Moses' parents did indeed place Moses in the Nile, but not to die - rather, to perhaps have Divine intervention, for why else would they have taken great care to secure him in a water-sealed basket to float down the river? As the story goes, Moses gained the attention of Pharaoh's daughter, who rescued him and raised him as her own. Certainly, he would have lived the life of a prince. And though it's not clear, he must also have been aware of his Hebrew beginning, especially since his mother and sister were instrumental in his care during infancy. Had that not made an impact on him, he wouldn't have been so angry to slay an Egyptian who was harming a Hebrew slave and risk becoming a fugitive. When he fled to the wilderness, he did not know what to expect. He met the priest of Midian, and one thing led to another - not only did he marry one of the priest's daughters, but he also learned how to shepherd the man's flocks, and it was while doing so that he had his first encounter with God. From that point on, he was on a mission to lead the rest of the Hebrews out of Egypt and into Canaan.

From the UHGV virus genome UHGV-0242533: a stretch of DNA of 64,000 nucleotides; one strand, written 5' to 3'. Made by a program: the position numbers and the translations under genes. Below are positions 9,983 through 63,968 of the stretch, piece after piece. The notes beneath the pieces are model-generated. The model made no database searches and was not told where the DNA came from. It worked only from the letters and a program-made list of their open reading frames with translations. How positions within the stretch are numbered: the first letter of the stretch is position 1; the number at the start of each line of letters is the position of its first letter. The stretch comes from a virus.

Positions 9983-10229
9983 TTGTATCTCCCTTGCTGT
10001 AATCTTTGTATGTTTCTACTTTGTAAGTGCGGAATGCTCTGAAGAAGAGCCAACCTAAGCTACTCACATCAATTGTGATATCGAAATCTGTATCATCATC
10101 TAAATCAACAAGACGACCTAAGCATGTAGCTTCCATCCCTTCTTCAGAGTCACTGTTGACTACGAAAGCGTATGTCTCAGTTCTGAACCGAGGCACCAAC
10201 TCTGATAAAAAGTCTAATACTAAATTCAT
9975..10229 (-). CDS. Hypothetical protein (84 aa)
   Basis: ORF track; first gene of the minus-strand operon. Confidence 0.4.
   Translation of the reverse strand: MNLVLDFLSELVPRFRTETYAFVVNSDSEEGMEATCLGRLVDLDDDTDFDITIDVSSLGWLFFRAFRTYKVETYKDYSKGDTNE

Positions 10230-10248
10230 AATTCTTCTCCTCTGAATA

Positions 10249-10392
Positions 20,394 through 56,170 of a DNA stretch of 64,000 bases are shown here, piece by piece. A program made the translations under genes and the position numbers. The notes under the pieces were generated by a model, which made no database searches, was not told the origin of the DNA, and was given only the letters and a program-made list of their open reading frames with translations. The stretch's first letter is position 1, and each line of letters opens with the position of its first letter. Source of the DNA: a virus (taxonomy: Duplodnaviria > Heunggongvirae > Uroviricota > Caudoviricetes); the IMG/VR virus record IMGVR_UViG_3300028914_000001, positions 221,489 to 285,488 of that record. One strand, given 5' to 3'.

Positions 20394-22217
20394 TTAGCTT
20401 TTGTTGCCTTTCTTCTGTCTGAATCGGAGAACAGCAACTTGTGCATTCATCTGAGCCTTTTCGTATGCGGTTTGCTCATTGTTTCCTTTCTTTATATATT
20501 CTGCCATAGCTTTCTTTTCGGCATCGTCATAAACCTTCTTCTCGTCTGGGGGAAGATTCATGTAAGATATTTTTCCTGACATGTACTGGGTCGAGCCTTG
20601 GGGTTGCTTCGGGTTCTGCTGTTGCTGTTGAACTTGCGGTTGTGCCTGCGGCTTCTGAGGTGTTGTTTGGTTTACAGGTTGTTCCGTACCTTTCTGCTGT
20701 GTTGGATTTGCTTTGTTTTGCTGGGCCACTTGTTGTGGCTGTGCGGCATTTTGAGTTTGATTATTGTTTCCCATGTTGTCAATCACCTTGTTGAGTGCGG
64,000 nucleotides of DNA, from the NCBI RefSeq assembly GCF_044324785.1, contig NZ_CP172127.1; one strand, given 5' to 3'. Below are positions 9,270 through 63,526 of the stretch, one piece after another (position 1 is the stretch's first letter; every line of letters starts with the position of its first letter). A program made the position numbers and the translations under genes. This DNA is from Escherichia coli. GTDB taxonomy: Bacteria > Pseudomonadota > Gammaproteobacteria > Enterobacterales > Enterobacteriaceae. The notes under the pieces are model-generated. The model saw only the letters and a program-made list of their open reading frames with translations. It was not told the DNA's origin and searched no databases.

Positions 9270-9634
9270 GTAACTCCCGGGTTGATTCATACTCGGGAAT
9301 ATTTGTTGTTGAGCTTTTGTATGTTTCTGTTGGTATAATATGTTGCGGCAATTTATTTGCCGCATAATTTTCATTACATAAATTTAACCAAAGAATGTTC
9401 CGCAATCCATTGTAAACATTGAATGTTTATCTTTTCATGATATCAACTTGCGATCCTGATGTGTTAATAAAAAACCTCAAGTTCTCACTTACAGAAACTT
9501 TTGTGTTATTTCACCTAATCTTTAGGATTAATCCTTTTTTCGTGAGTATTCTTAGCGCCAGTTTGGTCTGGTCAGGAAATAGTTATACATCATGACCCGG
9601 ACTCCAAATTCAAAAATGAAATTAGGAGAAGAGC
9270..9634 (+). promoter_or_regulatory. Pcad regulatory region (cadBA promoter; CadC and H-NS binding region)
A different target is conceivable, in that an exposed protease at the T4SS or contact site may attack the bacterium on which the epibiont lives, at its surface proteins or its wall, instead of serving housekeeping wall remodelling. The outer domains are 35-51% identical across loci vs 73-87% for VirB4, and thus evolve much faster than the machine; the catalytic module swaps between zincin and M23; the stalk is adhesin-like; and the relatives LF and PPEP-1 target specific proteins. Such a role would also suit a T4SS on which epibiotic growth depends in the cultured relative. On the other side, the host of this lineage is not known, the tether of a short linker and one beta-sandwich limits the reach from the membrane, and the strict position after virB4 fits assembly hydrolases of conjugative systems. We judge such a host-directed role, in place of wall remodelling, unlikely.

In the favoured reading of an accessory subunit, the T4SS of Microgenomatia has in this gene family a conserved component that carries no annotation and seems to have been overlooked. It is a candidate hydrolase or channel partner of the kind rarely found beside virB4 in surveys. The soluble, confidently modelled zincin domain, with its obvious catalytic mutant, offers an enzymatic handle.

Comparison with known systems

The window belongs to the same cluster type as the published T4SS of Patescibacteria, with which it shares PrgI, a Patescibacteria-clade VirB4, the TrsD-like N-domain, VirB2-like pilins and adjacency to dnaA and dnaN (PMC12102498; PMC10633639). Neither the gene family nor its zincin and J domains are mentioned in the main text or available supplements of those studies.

Each book of the Pentateuch is named according to what they are about: Genesis is "beginning", i.e. creation, the early peoples, and what led up to the birth of Moses. Exodus is the story of the mass "exit" by the Israelites from Egypt. Leviticus, or "info about the Levites" gave instructions for how the Levites were to lead the people in worship, and how the people were to worship and obey God. Numbers literally was a "census of the Israelites" according to Numbers 1:2. Deuteronomy or "second law", refers to the rules for living that God reissued to the people after they had disobeyed the first time in not having complete trust in Him.
The History of Israel
After the death of Moses, Joshua was next appointed to lead the people. As the next book of the Bible that bears his name, Joshua's occupation was as commander of the Israelite army. He eventually led them into Canaan and allotted them different areas of land according to their tribes.